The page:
“First, you want to think about the basics while you’re taking a photo. These are lighting, the camera settings and the focus, the composition, and the background.” Photo: McCool Photography

“First, you want to think about the basics while you’re taking a photo. These are lighting, the camera settings and the focus, the composition, and the background.” Photo: McCool Photography

“Conformation shots are showing you the way the horse is put together, and every horse is different.” Photo: McCool Photography

Conformation shots are showing you the way the horse is put together, and every horse is different.” Photo: McCool Photography

The challenge is putting all this information together and taking exceptional photos in the moment. Amy’s advice is to practice, practice, and practice. “Apply the basics, and then pay attention to backgrounds and whether or not you are enhancing the good or potentially not so good parts of your horse.”

An artistic shot with the fall colors at the Autumn Classic at the Murieta Equestrian Center. Photo: McCool Photography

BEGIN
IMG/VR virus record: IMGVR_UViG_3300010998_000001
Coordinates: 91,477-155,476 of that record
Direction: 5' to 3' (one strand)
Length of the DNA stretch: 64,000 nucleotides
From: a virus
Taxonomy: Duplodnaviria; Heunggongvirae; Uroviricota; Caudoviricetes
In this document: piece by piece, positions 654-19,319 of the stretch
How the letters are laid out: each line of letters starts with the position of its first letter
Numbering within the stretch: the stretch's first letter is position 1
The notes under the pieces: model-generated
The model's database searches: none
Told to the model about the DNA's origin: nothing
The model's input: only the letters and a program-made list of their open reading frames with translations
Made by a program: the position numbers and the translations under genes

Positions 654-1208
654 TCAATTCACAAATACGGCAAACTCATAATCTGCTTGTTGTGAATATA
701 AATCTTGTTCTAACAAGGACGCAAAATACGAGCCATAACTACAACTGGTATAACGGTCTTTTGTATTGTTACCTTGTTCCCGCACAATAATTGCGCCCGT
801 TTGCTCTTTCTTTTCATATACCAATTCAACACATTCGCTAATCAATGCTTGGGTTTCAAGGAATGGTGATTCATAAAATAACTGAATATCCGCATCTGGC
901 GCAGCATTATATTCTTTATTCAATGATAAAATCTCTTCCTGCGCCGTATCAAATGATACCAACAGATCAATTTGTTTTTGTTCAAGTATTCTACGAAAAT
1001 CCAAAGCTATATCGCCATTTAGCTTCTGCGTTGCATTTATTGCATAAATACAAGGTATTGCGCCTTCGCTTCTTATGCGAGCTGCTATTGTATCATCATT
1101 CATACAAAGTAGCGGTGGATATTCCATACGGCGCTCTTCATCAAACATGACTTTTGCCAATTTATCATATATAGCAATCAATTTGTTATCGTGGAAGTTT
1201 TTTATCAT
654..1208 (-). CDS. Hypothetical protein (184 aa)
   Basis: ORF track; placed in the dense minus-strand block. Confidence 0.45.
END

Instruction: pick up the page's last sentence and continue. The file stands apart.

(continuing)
An artistic shot with the fall colors at the Autumn Classic at the Murieta Equestrian Center. Photo: McCool Photography

There are many online photography courses available – with varying time commitments – that offer basic photography, the rule of thirds, and how the reciprocity between shutter speed and aperture and using the ISO to soften the background with the camera’s settings. “Look for that emotion and connection when you can,” Amy says. Finding that emotion and connection, in addition to understanding the basics, will help improve the photos you take.

Finally, Amy encourages those taking photos to ask questions. “I'm happy to give tips and advice and have always considered offering mentoring at horse shows where I'm shooting. Feel free to reach out,” she says.

Photography captures moments of our lives and reminds us of the magic for years to come. A photo captures the dream, and it is said that a picture is worth one thousand words. The photos that Amy McCool captures demonstrate the emotion and connection between horse and rider. Words are not needed. At the end of the day, that is how we all want to be remembered, for the best parts of ourselves.

To learn more visit McCool Photography Website! Instagram!